Poster D73, Monday, March 27, 8:00 – 10:00 am, Pacific Concourse
The Ad hoc Perceptual Grouping of Speech Sounds in the Varying Standards Oddball Paradigm
Chao Han1, Ryan Rhodes1, Arild Hestvik1; 1University of Delaware
Phillips et al. (2000) assumed that varying the standards along acoustic parameters of speech sounds in an oddball paradigm causes auditory cortex to recruit phoneme category information, driving a pure phoneme-based Mismatch Negativity (MMN) response. We put this assumption to the test. Using [d] as the oddball (with 15ms VOT), we created two standard conditions: a “low” condition (with [t]s varying among VOTs of 60, 65, 70ms) and a “high” condition (among VOTs of 75, 80, 85ms). According to Phillips et al., both the high and the low conditions should equally invoke the same abstract phoneme category, hence no difference in MMN should be observed. On the other hand, if auditory cortex can track acoustic statistics and form “ad hoc” groupings (e.g., based on the standard deviation of VOTs within the standards), then we would expect to observe the general distance effect on the amplitude of the MMN (Näätänen et al., 2007), with greater MMN for the “high” condition. The latter prediction was borne out: The MMN for the high condition was significant (p < .025, one-tailed), but the MMN in the low condition was not (p < .2). Although the “ad hoc” grouping predicts an MMN for both conditions, and an additive interaction based on the perceptual distance from the oddball, the results still support a different MMN effect based on perceptual distance, and is unexpected under the varying standards assumption. The results raise questions about whether varying the standards suffices to isolate a phoneme category representation.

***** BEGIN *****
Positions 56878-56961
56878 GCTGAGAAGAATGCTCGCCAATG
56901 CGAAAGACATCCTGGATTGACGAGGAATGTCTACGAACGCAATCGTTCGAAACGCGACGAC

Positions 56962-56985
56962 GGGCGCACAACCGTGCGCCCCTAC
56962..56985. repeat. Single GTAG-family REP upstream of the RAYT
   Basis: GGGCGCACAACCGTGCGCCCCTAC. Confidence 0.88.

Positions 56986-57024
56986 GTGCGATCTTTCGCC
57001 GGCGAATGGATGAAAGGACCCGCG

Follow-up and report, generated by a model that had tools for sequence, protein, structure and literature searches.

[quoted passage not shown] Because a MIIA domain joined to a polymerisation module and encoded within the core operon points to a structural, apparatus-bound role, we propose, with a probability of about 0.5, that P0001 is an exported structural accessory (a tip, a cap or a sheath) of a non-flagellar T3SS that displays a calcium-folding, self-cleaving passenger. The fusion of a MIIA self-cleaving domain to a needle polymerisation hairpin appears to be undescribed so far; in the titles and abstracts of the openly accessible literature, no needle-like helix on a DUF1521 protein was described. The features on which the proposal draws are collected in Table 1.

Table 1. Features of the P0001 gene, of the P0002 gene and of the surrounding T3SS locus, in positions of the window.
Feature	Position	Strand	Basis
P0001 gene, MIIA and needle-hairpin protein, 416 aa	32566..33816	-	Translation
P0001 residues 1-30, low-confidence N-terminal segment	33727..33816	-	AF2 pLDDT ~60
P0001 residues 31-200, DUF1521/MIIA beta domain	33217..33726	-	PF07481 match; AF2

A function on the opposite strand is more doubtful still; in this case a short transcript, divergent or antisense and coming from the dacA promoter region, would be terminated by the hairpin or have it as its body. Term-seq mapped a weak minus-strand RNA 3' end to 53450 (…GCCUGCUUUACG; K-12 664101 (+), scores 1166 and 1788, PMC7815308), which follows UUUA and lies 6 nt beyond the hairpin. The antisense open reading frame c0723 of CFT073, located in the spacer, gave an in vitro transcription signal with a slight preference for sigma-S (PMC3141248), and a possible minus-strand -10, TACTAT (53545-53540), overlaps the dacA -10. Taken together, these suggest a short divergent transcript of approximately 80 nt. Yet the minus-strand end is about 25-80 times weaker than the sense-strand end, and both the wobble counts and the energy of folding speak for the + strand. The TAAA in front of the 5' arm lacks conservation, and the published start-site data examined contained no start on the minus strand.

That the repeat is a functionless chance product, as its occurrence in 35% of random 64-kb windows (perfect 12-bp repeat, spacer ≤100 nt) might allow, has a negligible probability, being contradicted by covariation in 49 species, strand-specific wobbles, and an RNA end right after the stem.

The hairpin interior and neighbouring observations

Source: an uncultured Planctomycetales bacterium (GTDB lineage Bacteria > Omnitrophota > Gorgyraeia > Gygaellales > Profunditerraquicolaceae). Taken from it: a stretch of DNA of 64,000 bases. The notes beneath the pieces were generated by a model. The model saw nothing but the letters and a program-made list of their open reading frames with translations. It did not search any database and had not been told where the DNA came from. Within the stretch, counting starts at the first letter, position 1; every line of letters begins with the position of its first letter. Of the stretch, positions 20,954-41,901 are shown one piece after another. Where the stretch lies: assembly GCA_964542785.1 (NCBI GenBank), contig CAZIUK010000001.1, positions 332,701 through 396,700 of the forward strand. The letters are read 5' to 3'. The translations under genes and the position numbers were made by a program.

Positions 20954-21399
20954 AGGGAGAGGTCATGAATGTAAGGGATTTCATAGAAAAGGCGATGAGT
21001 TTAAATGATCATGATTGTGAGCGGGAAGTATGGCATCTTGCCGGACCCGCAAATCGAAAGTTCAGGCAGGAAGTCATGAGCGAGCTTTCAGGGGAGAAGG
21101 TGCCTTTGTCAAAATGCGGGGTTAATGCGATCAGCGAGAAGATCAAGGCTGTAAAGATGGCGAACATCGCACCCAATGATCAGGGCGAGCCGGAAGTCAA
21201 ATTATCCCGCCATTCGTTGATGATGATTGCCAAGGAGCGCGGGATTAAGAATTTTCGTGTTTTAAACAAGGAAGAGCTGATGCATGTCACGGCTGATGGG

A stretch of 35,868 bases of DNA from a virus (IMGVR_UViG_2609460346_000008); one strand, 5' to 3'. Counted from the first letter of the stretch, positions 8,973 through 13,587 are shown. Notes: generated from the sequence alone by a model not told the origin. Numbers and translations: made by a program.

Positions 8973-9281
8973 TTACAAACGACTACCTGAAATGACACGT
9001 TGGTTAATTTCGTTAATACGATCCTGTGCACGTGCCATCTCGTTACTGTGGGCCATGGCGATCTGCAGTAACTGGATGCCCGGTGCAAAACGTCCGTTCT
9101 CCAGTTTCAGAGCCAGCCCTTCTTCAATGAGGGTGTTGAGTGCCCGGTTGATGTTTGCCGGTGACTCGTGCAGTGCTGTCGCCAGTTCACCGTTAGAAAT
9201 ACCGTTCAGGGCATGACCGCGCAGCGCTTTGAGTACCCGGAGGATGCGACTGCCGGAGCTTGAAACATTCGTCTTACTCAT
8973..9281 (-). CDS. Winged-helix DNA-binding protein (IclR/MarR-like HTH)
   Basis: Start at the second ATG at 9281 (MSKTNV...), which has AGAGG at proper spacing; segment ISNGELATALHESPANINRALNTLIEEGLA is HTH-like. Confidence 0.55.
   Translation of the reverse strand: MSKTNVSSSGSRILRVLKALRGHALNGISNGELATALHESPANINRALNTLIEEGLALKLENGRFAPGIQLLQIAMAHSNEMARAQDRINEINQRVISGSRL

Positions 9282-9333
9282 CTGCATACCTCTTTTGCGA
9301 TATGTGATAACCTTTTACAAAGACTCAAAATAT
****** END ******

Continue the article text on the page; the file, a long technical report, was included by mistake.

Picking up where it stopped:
Topic Area: LANGUAGE: Other